Information on health insurance policies should be clear, public, and easy to understand. It’s unclear, however, how the state can efficiently be involved in this process. The private market has made a great deal of progress in increasing consumer information systems in the past few years, and many healthcare providers and insurance companies offer web portals for their products that do everything a “marketplace” style exchange would do without dipping into government coffers. Director Keck thusly recommends that “the state … encourage the establishment and expansion of private exchanges designed to serve the needs of a variety of consumers.”
3) Exchanges do little to nothing to address the critical issue of lowering the cost of health care.
The claims of exchange supporters rest on a single, completely unproven assumption: that health exchanges will increase competition among health insurers. Unfortunately, ACA’s individual mandate, paired with the new risk adjustment model of its reforms, forces insurance companies onto a single, precarious risk model that actively harms competition. As a representative from United Healthcare warned in a recent meeting, this risk model will only work if “young invincibles” (or low-risk, low-cost) premium enrollees are forced by the government to purchase insurance they don’t need – at a far higher cost than it takes to cover them – in order to cover care for higher-cost, higher-risk plan enrollees. Essentially, ACA changes the entire health insurance market into yet another endless, involuntary redistribution program from young to old, hidden in the guise of a “reform.”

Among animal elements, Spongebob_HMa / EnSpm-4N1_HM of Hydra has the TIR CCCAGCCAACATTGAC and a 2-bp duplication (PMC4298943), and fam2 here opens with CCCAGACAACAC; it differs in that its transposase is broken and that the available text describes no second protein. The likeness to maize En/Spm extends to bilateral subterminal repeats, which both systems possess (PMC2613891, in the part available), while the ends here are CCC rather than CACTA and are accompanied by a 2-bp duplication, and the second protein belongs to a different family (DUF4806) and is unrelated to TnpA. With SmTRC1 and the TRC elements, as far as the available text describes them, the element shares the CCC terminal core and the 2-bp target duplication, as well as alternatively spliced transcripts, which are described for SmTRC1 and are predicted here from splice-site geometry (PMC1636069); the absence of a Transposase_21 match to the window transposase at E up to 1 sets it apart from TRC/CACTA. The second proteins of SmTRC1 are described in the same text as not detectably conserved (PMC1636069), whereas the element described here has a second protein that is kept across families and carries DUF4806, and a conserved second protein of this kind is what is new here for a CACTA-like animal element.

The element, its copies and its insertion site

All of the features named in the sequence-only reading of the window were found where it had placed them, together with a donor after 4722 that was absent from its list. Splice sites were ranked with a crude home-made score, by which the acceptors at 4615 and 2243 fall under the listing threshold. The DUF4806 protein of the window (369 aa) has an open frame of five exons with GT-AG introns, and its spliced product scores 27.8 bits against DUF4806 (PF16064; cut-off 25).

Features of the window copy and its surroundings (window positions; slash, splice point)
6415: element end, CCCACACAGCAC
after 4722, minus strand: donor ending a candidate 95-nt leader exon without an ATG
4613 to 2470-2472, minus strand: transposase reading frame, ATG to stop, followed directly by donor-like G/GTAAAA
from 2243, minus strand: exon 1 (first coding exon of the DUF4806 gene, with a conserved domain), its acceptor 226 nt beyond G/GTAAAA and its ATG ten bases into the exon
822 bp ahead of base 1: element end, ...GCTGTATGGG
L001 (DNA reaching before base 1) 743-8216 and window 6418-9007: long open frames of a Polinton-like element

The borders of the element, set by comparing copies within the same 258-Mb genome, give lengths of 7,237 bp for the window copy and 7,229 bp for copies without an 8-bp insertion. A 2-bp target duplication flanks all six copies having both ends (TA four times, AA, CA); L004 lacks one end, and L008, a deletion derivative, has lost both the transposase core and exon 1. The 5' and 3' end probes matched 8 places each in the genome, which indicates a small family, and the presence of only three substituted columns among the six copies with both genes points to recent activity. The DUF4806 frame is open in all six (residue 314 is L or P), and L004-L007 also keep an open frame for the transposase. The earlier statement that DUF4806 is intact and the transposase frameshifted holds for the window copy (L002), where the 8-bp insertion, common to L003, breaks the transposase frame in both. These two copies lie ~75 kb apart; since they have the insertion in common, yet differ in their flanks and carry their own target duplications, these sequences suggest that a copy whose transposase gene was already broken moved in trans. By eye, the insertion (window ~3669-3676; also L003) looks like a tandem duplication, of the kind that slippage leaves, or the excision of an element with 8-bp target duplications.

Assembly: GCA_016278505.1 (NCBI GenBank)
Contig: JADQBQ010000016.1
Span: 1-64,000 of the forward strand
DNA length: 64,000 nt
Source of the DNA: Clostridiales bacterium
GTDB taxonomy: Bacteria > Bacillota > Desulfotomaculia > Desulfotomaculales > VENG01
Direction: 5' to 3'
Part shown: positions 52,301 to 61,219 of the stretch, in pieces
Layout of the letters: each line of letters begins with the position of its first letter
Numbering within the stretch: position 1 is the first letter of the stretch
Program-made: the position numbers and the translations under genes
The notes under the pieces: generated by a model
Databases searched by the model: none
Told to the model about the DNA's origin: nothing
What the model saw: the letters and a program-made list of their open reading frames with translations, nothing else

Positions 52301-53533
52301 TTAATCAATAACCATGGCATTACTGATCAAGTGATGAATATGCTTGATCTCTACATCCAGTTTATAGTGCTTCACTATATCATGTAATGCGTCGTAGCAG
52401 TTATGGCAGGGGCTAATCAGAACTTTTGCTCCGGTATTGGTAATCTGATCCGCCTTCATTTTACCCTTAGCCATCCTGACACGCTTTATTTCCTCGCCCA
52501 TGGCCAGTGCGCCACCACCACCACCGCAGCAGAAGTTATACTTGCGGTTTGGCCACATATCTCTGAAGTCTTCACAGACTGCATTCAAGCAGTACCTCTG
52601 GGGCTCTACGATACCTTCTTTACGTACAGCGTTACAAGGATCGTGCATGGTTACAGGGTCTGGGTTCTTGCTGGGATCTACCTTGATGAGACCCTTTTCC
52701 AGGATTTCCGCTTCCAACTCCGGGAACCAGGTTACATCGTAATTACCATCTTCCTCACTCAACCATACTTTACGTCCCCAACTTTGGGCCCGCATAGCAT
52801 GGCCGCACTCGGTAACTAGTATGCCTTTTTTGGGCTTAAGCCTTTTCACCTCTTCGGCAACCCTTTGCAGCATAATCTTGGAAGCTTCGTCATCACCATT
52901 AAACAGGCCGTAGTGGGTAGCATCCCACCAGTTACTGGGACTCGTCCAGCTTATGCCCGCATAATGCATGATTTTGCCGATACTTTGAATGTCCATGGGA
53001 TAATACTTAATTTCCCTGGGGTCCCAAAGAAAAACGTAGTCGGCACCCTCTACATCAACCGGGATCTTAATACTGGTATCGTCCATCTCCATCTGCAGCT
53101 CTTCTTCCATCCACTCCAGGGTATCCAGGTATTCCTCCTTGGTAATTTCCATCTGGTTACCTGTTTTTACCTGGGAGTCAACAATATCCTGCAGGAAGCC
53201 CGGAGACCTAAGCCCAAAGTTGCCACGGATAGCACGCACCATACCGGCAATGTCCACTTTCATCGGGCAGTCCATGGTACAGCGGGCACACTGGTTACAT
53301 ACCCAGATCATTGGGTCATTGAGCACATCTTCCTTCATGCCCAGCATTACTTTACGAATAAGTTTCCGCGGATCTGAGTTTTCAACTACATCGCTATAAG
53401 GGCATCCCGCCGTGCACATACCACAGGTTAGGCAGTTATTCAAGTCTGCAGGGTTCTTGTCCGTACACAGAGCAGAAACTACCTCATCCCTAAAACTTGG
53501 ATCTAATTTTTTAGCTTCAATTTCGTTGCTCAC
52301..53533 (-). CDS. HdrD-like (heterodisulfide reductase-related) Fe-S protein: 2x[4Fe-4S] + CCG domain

Other attempted state exchanges actually raised the cost of healthcare premiums in their states. The Massachusetts Health Connector (or “Romneycare”) caused both higher premiums and job losses in the state, according to a report by the Beacon Hill Institute. There is little reason to expect that a South Carolina health exchange would have any other outcome.
4) South Carolina can and should improve upon its existing health care system.
As the committee report states, “the health issues in South Carolina are specific to the state and its communities. It is therefore imperative that the solution be local as well.” Significant problems exist in the South Carolina health care market, but ACA addresses few of them. The Committee has done valuable work in articulating the state’s health reform goals and priorities: to improve health outcomes and availability in the state. This can be done much more efficiently at the state level by encouraging competition with market reforms, fostering local community health programs, and implementing means of controlling healthcare costs in the government-run healthcare programs.
As we’ve suggested in the past, the Health Planning Committee has recommended South Carolina refrain from setting up a state exchange for now. In the coming year, let’s hope that the Governor and Legislature continue to expend their energies actually addressing South Carolina’s health care woes, instead of diverting scarce healthcare resources to ill-defined federal political priorities.